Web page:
Still, the focus on “women and children” reveals a myopia that fails to appreciate that Palestinian men are also victimised. Certainly their humiliation hinges on the violation of social norms of masculinity and fatherhood. And denouncing the fact that there are hundreds of innocent women and children in Israeli jails suggests that it is OK to imprison thousands of innocent men.
Similarly, the inclusion of gay men amongst the people worthy of solidarity is also problematic, as it seems to reinforce the Orientalist perception of Arab and Muslim communities as irredeemably homophobic, while Israel is viewed as more “liberal,” more gay-friendly. This ignores the fact that Israel does not ask anyone about their sexuality before bombing them, and certainly did not ask anyone if they were gay in 1948, when it engaged in a series of massacres, erased over 500 towns, and displaced close to 80 percent of the entire Palestinian population, so as to create a Jewish state in the land of Palestine.
Indeed, as I wrote in an earlier essay, when people decry the fact that a “disproportionate number of women and children” have been killed in any massacre, they are suggesting that there is some acceptable gendered proportion to the killings. What would that proportion be? Why is the murder of Palestinian men deemed acceptable? Are these men not also dispossessed refugees whose very human rights Israel violates? My earlier essay came out during Israel’s 2014 assault on Gaza, the so-called “Operation Protective Edge”.
But the sad reality is that every one of Israel’s attacks can be dubbed “Operation Kill Them All”. And what, besides murderous crass racism, can possibly justify the killing of any Palestinian man - even a resistance fighter - by an occupying power? Because we must keep in mind at all times that Israel, as the occupying power, has a legal obligation to protect the people whose land it occupies. That legal obligation is in addition to the fact that Israel, as a member of the United Nations, is obligated to respect UN General Assembly Resolution 194, which states that the Palestinian refugees have the right of return to their homes and towns they left.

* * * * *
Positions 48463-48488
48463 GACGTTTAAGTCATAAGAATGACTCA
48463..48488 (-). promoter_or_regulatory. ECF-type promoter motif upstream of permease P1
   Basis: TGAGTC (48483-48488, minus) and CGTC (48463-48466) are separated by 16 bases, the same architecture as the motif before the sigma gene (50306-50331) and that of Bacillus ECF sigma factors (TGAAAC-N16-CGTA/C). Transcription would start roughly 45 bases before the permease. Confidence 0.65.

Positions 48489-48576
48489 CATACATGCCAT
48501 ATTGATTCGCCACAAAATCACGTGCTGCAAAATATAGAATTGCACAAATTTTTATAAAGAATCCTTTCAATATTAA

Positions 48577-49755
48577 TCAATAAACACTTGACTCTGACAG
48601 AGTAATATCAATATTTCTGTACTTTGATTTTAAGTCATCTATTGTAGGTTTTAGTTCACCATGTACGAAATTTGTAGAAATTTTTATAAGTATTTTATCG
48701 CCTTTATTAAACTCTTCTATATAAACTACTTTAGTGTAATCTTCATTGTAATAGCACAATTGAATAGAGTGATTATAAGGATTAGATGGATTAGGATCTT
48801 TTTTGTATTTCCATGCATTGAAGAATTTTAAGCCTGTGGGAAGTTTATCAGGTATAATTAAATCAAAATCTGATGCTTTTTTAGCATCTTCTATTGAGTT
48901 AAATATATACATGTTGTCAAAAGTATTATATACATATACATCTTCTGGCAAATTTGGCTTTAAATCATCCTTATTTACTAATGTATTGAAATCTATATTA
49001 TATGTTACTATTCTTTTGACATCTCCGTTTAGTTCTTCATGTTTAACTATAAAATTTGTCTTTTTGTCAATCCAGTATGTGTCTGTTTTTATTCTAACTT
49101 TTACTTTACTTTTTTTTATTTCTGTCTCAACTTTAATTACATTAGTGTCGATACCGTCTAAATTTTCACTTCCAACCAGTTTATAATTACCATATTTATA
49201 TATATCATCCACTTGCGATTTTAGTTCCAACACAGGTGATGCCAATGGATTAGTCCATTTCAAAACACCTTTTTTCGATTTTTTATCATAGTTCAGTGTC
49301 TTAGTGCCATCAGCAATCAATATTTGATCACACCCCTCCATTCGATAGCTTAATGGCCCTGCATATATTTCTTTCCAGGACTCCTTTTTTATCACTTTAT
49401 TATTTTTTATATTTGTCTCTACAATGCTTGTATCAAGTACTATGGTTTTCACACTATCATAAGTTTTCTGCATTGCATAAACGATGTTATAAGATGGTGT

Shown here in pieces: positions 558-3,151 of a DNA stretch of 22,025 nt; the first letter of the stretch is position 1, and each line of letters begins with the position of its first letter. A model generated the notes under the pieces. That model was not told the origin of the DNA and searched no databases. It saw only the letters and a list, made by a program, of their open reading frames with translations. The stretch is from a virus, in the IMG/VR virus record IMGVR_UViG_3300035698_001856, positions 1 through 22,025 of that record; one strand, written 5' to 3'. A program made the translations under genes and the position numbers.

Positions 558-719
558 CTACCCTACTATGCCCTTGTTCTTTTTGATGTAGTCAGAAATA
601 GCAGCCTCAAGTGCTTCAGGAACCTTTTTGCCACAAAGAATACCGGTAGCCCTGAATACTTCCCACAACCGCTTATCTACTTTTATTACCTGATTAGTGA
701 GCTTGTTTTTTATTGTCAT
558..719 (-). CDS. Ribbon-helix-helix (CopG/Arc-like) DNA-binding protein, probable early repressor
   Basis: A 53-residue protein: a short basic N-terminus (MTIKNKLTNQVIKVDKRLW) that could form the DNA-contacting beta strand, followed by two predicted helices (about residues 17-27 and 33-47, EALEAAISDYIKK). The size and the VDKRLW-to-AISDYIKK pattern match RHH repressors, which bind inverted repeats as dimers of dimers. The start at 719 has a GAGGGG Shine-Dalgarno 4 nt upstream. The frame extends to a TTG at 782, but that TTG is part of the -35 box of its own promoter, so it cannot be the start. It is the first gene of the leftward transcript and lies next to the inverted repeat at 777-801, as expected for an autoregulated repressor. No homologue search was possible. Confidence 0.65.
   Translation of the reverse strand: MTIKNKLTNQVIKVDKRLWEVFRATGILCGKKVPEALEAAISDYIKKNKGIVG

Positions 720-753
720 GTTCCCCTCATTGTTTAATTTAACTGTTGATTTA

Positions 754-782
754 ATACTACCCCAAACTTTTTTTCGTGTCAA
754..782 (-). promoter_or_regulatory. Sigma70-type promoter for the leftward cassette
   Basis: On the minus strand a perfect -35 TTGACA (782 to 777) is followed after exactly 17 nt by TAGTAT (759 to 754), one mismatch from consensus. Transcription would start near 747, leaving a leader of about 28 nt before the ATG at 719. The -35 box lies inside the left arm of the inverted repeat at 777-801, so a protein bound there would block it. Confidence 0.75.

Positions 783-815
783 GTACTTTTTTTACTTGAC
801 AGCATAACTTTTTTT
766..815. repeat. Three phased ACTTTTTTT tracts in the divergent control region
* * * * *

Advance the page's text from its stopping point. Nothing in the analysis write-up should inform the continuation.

The UN also recognises the right of people living under occupation to defend themselves, by all means available, including armed resistance. That right is enshrined in at least two UN Resolutions, United Nations General Assembly Resolution A/RES/33/24 of 29 November 1978, which:
"2. Reaffirms the legitimacy of the struggle of peoples for independence, territorial integrity, national unity and liberation from colonial and foreign domination and foreign occupation by all available means, particularly armed struggle."
As well as the earlier, General Assembly Resolution A/RES/3246 (XXIX) of 29 November 1974, which:
"3. Reaffirms the legitimacy of the peoples’ struggle for liberation from colonial and foreign domination and alien subjugation by all available means, including armed struggle."
"7. Strongly condemns all governments which do not recognise the right to self-determination and independence of peoples under colonial and foreign domination and alien subjugation, notably the peoples of Africa and the Palestinian people."
An understanding of the specific manifestations of gendered oppression is essential for more effective solidarity. But by pandering to mainstream feminist and LGBTQ agendas, one is suggesting that straight Palestinian men are eminently killable, and can never be victimised by Israel.
This is not feminism; it is colonial racism practiced by women. Hence the importance of the recent NWSA vote to endorse BDS, which supports the entire Palestinian people.
In a situation of genocide, there is no room for selective solidarity. Or, as Haneen Maikey, co-founder and executive director of the Palestinian gay organisation AlQaws (Arabic for “the Rainbow”) told Western gay groups in 2014: “We don’t want your solidarity if you only support us. You need to be in solidarity with all our people.”
- Nada Elia serves on the steering collective of the US Campaign for the Academic and Cultural Boycott of Israel.
The views expressed in this article belong to the author and do not necessarily reflect the editorial policy of Middle East Eye.
Photo: Palestinian Arab Israelis holding a picture of Egyptian feminist and leading novelist Nawal al-Saadawi, during a protest against sexual violence targeting women in Egypt, in Jaffa north of Tel Aviv, on 12 February, 2013 (AFP).